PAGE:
In the bark of the Church, beaten by the waves and tempests of this world let us put our trust in God.

      Source: Marian Missal and St. Andrew Daily Missal and 1913 Catholic Encyclopedia

READINGS FOR FOURTH SUNDAY AFTER PENTECOST

INTROIT:
      [Psalm 26: 1-2] Dominus Illuminatio mea. The Lord is my Light and my salvation: whom shall I fear? The Lord is the protector of my life: of whom shall I be afraid? My enemies that trouble me have themselves been weakened and have fallen. If armies in camp should stand together against me, my heart shall not fear. ((Psalm 26: 3)). Glory be to the Father...The Lord is my Light...
Kyrie... and Gloria

Dominus Vobiscum.
Et cum spiritu tuo.
Oremus.

COLLECT:
      Grant us, we beseech Thee, O Lord, that both the course of this world may be peacefully ordered for us by Thy governance, and that Thy Church may rejoice in quiet devotion. Through our Lord Jesus Christ, Thy Son, Who livest and reignest with Thee, in the unity of the Holy Ghost, one God, world without end. Amen.

EPISTLE:
      (Romans 8: 18-23) Brethren, I reckon that the sufferings of this time are not worthy to be compared with the glory to come, that shall be revealed in us. For the expectation of the creature waiteth for the revelation of the Sons of God. For the creature was made the subject to vanity, not willingly, but by reason of him that made it subject in hope; because the creature also itself shall be delivered from the servitude of corruption, into the liberty of the glory of the children of God. For we know that every creature groaneth, and travaileth in pain, even till now; and not only it, but outselves also, who have the first fruits of the Spirit, even as we ourselves groan within ourselves, waiting for the adoption of the sons of God, the redemption of our body; in Christ Jesus Our Lord.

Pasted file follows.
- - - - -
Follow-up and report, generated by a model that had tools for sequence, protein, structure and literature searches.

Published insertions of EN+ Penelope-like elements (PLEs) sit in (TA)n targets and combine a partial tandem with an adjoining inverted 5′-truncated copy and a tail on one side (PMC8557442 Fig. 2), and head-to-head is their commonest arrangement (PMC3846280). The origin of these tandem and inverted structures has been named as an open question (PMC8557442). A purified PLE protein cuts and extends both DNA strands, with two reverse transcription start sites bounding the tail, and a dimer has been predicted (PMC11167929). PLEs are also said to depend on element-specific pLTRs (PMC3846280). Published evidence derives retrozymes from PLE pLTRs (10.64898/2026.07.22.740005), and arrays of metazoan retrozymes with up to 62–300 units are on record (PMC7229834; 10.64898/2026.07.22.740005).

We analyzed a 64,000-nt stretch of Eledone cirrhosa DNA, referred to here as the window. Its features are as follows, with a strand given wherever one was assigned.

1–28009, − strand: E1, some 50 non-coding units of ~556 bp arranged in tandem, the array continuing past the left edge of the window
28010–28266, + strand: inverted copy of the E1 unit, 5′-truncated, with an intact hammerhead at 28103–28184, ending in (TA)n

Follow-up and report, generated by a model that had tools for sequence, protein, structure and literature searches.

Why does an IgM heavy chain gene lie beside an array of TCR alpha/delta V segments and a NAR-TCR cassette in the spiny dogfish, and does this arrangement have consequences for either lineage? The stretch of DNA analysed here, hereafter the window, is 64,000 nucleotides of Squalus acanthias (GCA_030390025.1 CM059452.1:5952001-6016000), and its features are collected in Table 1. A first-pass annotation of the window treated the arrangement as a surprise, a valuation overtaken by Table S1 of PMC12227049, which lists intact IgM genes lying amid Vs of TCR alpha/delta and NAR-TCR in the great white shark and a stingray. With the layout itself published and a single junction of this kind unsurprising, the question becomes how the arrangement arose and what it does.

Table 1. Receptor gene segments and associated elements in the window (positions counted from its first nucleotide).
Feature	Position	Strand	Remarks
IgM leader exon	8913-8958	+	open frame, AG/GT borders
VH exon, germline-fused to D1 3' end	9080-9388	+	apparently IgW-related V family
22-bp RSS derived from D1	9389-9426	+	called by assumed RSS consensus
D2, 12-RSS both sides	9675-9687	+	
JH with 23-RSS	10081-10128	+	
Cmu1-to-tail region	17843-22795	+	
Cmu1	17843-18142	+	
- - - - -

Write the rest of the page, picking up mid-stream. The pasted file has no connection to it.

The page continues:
Deo Gratias.

GRADUAL
     [Psalm 78: 9, 8] Forgive us our sins, O Lord, lest the Gentiles should at any time say: Where is their God? V.: Help us, O God, our Savior; and for the honor of Thy Name, O Lord, deliver us. Alleluia, alleluia. V.(Psalm 9: 5, 10] O God, who sittest upon the throne, and judgest justice, be Thou the refuge of the poor in tribulation. Alleluia.